By the time prosecutors filed their charges against Modern Continental on June 20, alleging fraud and false statements involving work on the Big Dig, the vast empire that proud Italian immigrant Les Marino built with partner Kenneth Anderson had all but dissolved.
Les Marino certainly wouldn't have wanted his dream to end this way, buried in a basement beneath a small office building near the Dedham-Boston line.
Marino, the proud Italian immigrant who co-founded Modern Continental 41 years ago, once had a headquarters befitting his grand ambitions: a shiny, multi-million-dollar property on Memorial Drive in Cambridge overlooking the Charles River.
But the construction company's current address doesn't have water views, or any views at all. Instead, the headquarters location that Modern lists in court papers is on Milton Street in Dedham across the street from a couple of auto repair shops. No one answered Modern's two unmarked, locked office doors on Friday at the back end of a basement hall.
By the time prosecutors filed their charges against Modern on June 20, alleging fraud and false statements involving work on the Big Dig, the vast empire that Marino built with partner Kenneth Anderson had all but dissolved. The company was just a shell of its former self when Modern filed for bankruptcy protection on June 23 - more than three-and-a-half years after Marino's death.
It wasn't supposed to end this way. At Modern's peak seven years ago, it employed 4,200 people in 20 states and reported annual revenues of $1.1 billion. Modern had become one of the East Coast's biggest construction companies - a long way from its humble beginnings in 1967.
Modern's first job was a modest sidewalk project in Peabody. But the company would eventually make its mark on many of the state's most visible public works projects. The Orange Line extension through Jamaica Plain. The expansion of Logan Airport's international terminal. The revival of the Old Colony rail line. The cleanup of the Boston Harbor. The widening of Route 3 north to New Hampshire. And, of course, the Big Dig.
Modern hitched its star to the $15 billion Central Artery project, becoming its largest contractor. Certainly, Marino and the others at Modern knew the gravy train would come to an end at some point once the project was done. But there's no way they could have known that their company eventually would be linked with the project's many problems, including leaky slurry walls and a fatal ceiling collapse two years ago.
Modern's problems, however, were already well under way by the time those incidents occurred.
Modern failed to meet certain financial covenants in its financing agreements in the fall of 2001, according to documents filed in bankruptcy court in Boston on Tuesday. Modern also suffered losses on certain construction jobs and a boondoggle of an investment in a property at 470 Atlantic Ave. in downtown Boston.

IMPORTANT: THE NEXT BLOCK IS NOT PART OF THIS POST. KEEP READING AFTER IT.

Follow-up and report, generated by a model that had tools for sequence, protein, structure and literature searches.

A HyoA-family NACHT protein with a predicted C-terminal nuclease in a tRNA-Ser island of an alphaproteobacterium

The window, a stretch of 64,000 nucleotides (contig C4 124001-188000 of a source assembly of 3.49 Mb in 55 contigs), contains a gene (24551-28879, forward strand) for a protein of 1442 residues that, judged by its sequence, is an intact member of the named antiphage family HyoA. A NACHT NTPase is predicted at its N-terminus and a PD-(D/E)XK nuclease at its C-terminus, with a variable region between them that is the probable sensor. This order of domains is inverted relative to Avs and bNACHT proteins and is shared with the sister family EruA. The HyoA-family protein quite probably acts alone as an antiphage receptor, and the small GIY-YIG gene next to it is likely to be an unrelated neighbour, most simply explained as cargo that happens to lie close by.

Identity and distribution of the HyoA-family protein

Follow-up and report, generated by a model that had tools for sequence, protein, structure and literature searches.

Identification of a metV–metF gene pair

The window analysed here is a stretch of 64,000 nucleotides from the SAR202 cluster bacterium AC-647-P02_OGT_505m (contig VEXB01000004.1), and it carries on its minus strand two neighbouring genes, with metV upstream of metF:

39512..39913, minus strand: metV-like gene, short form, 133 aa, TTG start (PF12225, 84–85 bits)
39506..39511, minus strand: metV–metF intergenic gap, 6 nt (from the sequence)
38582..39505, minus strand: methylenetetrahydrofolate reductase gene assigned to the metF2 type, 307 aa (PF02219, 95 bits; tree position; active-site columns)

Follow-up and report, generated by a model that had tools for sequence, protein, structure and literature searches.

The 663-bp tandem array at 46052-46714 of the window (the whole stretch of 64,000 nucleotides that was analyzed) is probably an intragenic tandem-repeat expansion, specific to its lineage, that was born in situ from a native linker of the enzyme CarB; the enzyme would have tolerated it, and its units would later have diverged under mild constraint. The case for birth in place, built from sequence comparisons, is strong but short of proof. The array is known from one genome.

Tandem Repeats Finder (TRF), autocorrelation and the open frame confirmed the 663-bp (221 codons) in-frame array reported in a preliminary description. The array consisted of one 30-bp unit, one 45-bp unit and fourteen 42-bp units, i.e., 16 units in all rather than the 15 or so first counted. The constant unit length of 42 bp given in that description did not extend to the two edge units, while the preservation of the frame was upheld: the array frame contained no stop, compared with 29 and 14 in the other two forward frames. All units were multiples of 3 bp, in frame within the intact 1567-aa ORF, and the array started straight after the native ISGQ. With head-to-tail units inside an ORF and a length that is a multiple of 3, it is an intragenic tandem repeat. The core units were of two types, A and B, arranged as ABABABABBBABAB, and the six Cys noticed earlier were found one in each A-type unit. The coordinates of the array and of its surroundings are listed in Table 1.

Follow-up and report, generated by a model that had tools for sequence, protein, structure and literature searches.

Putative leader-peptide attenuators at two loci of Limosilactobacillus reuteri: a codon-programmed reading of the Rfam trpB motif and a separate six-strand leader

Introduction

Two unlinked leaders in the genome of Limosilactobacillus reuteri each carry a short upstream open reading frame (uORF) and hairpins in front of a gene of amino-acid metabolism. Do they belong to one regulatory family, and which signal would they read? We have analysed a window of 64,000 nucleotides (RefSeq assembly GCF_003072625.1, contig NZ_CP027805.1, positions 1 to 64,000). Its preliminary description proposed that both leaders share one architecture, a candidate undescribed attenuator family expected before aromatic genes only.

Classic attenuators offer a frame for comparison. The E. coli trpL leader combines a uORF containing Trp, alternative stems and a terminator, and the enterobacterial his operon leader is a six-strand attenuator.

Within two years, Modern posted annual losses of more than $174 million. The company's financial situation prompted its primary bonding company, St. Paul, to stop issuing bonds for future work starting in early 2004.
The doors continued to shut in May of that year when the state barred Modern from future highway projects following an ongoing dispute over delays in the Route 3 expansion.
Quincy construction magnate Jay Cashman was enlisted later that year to help Modern wrap up much of its work. Modern and Jay Cashman Inc. billed the arrangement as a merger at the time. But it turned out that Cashman's role at Modern was more as a consultant than a chief executive, and Cashman is no longer involved with Modern. By the time that year was over, Marino had died at the age of 69.
If the previous financial problems didn't spell the end for Modern, Marino's death certainly did. With the company's driving force no longer around, the remaining managers began to wind down Modern's operations.
Modern steadily liquidated most of its assets during the past four years, all under the watchful eye of St. Paul, which has since merged with Travelers.
Modern is trying to put the finishing touches on a handful of projects in Massachusetts and New York. Only about 55 employees remain with the company.
Modern cited its ongoing disputes over Big Dig billing with Massachusetts officials as the reason for its Chapter 11 filing in bankruptcy court. The company says it is still waiting for at least $73 million in payments from the state.
Meanwhile, Modern will need to appear in a separate federal court to defend itself against a series of charges accusing it of not following the proper construction procedures at the Big Dig, leading to the main tunnel's slurry wall blowout in 2004 and the ceiling collapse that killed Milena Del Valle in 2006.
The company, of course, denies responsibility for both incidents, and claims it was simply following the contract plans and specifications it was given.
There's plenty of blame to go around for what happened on the Big Dig, but Modern already has become synonymous with the project's cost overruns and mistakes. Should Modern be held accountable for the Big Dig mess? That's up to the courts to decide.
Either way, the company that Marino built probably won't be remembered for the well-known projects that turned out alright, just for the problems it left behind.
This is how a failed dream so often ends - not with a bang, but with an empty silence in a dark, basement room on the outskirts of town.
Jon Chesto is the business editor of The Patriot Ledger. He may be reached at email@example.com.